So here’s my tip.

Pick your top three to-dos each day and write them down.

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Just three. Write them somewhere that will be clearly visible to you so that you can see them.

These are your priority for that day. They are the most important tasks you need to accomplish for the day.

Three tasks are an accomplishable goal and what you’ll find is that once you cross of those three tasks, you might even have time to go back to your master list and pick something else off of it. (But even if you don’t, you’ve accomplished something great.)

I know what you’re thinking: I need to do more than three things a day.

That’s true, but we’re talking big tasks that you need to tick off, not the little things we do each and every day.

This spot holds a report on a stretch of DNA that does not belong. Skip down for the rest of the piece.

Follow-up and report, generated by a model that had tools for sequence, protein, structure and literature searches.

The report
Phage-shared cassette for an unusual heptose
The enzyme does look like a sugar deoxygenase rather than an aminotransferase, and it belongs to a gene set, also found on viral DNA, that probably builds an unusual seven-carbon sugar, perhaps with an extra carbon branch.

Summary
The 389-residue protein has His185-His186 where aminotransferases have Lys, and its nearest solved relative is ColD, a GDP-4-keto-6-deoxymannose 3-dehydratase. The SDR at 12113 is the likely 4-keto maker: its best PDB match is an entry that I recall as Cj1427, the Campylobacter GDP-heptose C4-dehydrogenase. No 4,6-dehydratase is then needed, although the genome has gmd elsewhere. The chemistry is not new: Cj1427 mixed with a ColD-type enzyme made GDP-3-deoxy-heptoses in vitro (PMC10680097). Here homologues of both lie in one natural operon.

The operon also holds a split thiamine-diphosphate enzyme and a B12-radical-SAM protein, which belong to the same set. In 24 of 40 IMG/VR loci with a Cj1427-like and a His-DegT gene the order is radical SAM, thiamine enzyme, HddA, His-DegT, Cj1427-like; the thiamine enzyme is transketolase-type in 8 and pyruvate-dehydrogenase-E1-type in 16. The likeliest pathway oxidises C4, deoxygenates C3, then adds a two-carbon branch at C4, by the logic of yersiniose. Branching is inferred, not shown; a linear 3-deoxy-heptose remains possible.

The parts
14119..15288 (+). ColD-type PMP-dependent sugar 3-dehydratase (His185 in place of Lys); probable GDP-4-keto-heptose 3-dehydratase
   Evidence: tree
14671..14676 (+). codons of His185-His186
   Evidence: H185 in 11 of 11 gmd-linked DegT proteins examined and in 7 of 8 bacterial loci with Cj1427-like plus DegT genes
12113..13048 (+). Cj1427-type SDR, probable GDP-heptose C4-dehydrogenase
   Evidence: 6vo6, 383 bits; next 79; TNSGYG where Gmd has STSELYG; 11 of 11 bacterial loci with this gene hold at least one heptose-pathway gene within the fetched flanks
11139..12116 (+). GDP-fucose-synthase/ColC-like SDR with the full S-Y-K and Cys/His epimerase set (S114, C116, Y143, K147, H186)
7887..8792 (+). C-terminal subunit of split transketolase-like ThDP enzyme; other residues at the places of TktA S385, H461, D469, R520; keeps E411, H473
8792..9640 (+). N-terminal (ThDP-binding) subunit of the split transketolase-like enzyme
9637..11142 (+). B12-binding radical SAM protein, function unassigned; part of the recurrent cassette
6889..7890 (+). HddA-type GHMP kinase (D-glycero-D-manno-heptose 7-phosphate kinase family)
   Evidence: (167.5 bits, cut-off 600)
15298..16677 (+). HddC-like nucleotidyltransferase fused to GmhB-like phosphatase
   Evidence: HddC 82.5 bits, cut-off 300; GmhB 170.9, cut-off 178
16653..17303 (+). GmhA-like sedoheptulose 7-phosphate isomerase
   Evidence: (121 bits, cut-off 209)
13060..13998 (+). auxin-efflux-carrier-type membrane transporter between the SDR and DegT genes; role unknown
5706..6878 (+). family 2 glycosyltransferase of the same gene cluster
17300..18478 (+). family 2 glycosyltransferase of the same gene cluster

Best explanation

They could even be the things you put off doing in favour of ‘other more important’ jobs.

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The other key is keeping these top 3 goals/jobs highly visible where you know you’ll see them. I’ve got my master to-do list on a clipboard on my desk and my daily Top 3 in my planner ready to tick them off. I check my planner every morning and night.

I honestly believe in this system and it works for me. I find I accomplish a lot more in a shorter period of time when I have attainable daily goals. (It also stops me from slumping to a Netflix hole even when I really want to!)

My challenge to use is to pick your Top 3 goals/jobs for tomorrow and put them somewhere more permanent and visible than a post-it note. 

If you’re looking for templates to get you started I have a basic pack listed in my TPT store for teachers. It’s 50% for the first 48 hours and if you’re looking for the opportunity to trial this system, it could be what you need:

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Regardless, I wish you well with your organisation journey!

If you like this post and would like future organisation posts, please let me know in the comments below.

I’d love to hear your organisation tips, too!